Read More

Biography of Alfred Clark Pierce

At the age of eighty-one, bearing the impress of a life of remarkable experience, a pioneer builder of Kansas, for many years identified with its public and business life, this venerable citizen is now living in comfortable retirement at Junction City. A small party of free state men arrived in Kansas in 1856. It comprised eight or ten men. One of them was Preston B. Plumb, whose name is a household word in Kansas. Alfred Clark Pierce was also in that little party. At Iowa City, Iowa, he had first met Mr. Plumb, and they were ever afterwards intimate friends. Besides coming to Kansas as pioneer settlers and for the purpose of lending their individual aid to the free state movement, this party convoyed a very significant train of supplies, including 250 Sharpe rifles, a supply of ammunition, and a small brass cannon. Those who are acquainted with the seenes anacted on Kansas soil in subsequent months need not be told to what purpose these military supplies were devoted. At Manhattan the party divided. Mr. Pierce went to what was then the far western Kansas, and located a claim on which the City of Salina had since been built. However, in November, 1856, he abandoned the claim and went to Ogden. There he was employed in cutting logs and later took up surveying. Mr. Pierce permanently settled at Junction...

Read More

Biographical Sketch of H.B. Pierce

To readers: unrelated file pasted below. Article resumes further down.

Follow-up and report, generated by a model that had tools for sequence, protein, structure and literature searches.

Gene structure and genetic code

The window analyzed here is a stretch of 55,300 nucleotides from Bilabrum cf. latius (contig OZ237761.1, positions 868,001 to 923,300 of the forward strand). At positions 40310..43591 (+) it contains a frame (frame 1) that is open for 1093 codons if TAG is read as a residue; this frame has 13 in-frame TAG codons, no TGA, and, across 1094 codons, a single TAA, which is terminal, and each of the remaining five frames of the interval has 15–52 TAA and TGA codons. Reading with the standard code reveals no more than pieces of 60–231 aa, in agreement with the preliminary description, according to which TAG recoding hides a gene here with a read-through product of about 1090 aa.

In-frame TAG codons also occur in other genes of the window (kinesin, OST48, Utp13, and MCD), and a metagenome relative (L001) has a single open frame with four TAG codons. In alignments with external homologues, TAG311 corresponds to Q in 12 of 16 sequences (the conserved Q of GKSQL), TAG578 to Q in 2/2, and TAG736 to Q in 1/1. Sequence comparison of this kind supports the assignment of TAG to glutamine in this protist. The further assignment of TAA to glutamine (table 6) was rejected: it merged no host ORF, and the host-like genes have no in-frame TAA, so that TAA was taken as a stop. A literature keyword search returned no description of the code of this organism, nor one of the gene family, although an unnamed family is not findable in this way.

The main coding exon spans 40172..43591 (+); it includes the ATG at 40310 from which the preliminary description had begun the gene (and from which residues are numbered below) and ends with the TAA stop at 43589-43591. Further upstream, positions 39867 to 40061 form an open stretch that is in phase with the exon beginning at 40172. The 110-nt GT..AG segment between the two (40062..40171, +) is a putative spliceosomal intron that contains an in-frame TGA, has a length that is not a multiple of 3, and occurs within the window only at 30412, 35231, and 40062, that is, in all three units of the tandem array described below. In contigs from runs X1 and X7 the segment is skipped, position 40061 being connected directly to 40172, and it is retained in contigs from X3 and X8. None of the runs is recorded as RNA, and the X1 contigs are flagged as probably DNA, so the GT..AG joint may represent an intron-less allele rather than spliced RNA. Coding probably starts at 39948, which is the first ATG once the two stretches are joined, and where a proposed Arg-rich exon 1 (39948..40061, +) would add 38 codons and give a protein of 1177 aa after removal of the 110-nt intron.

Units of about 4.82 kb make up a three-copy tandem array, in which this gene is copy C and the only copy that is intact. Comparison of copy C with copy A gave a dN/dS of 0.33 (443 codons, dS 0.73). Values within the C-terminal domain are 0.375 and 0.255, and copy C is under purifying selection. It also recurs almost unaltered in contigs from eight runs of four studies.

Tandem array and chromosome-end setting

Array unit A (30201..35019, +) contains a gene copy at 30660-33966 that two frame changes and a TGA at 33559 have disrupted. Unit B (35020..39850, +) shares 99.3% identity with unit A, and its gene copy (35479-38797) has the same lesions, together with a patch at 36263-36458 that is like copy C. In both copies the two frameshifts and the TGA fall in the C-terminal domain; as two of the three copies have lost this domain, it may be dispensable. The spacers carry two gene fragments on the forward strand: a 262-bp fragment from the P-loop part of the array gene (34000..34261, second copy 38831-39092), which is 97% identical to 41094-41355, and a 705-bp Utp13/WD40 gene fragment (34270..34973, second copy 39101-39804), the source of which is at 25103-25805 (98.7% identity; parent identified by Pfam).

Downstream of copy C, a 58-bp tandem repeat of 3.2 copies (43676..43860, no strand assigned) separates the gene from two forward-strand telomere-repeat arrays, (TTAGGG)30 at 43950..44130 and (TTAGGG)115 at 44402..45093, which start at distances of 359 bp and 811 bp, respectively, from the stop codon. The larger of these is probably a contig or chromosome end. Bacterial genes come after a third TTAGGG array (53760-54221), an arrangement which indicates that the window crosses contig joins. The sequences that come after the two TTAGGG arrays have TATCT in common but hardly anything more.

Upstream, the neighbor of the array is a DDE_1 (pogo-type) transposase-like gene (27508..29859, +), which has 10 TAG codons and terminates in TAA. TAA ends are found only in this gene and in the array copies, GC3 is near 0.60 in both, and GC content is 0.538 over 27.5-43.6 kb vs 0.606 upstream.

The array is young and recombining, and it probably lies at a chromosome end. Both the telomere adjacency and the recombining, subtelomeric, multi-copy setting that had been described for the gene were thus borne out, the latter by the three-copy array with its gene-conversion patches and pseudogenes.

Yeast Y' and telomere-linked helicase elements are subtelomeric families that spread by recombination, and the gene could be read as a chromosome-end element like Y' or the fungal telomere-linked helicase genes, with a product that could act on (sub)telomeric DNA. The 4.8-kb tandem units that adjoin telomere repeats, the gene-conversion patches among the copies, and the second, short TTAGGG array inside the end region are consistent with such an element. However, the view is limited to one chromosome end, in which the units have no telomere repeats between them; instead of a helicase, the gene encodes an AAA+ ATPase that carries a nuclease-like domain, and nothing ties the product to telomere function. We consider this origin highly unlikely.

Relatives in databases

H.B. Pierce, deputy recorder, is a native of Ill.; moved with parents to Cedar County, Ia., in 1865. He moved to Carroll county in 1874, and engaged in school teaching; came to Ida Grove in 1878, where he was principal of the schools for three years. In 1881 was appointed deputy...

Read More

Biography of Capt. Horace Truman Hanks Pierce

Captain Horace Truman Hanks Pierce, son of Ezekiel Porter Pierce and Susanna Porter, was born at Chesterfield, New Hampshire, February 22, 1822. He was brought up on the homestead farm, and -enjoyed such scholastic advantages as the common school and academy in Chesterfield afforded. He also pursued a partial course at Norwich University, Vt., which, in addition to the usual collegiate and scientific courses of study, imparted instruction in military tactics. Being naturally of a military turn of mind, he gave considerable attention to this branch study while in the university, and in after years turned his martial acquirements to good advantage After leaving the university he was for a time mechanic and manufacturer. Later he became a brick-layer, and follow that vocation, residing with his family in Keene, till the outbreak of the Rebellion, when he was among the first to offer his services in defense of the Union, under the first call for three months volunteers. He raised a company and served with credit as its lieutenant in the 2d N. H. Vols. Infantry At the expiration of his three months service he at once raised a company o three years men in Keene, and was commissioned its captain, the organzation becoming Co. F, of the 5th N. H. Vols. He served through the Peninsular campaign in the spring and summer of 1862; was in command his...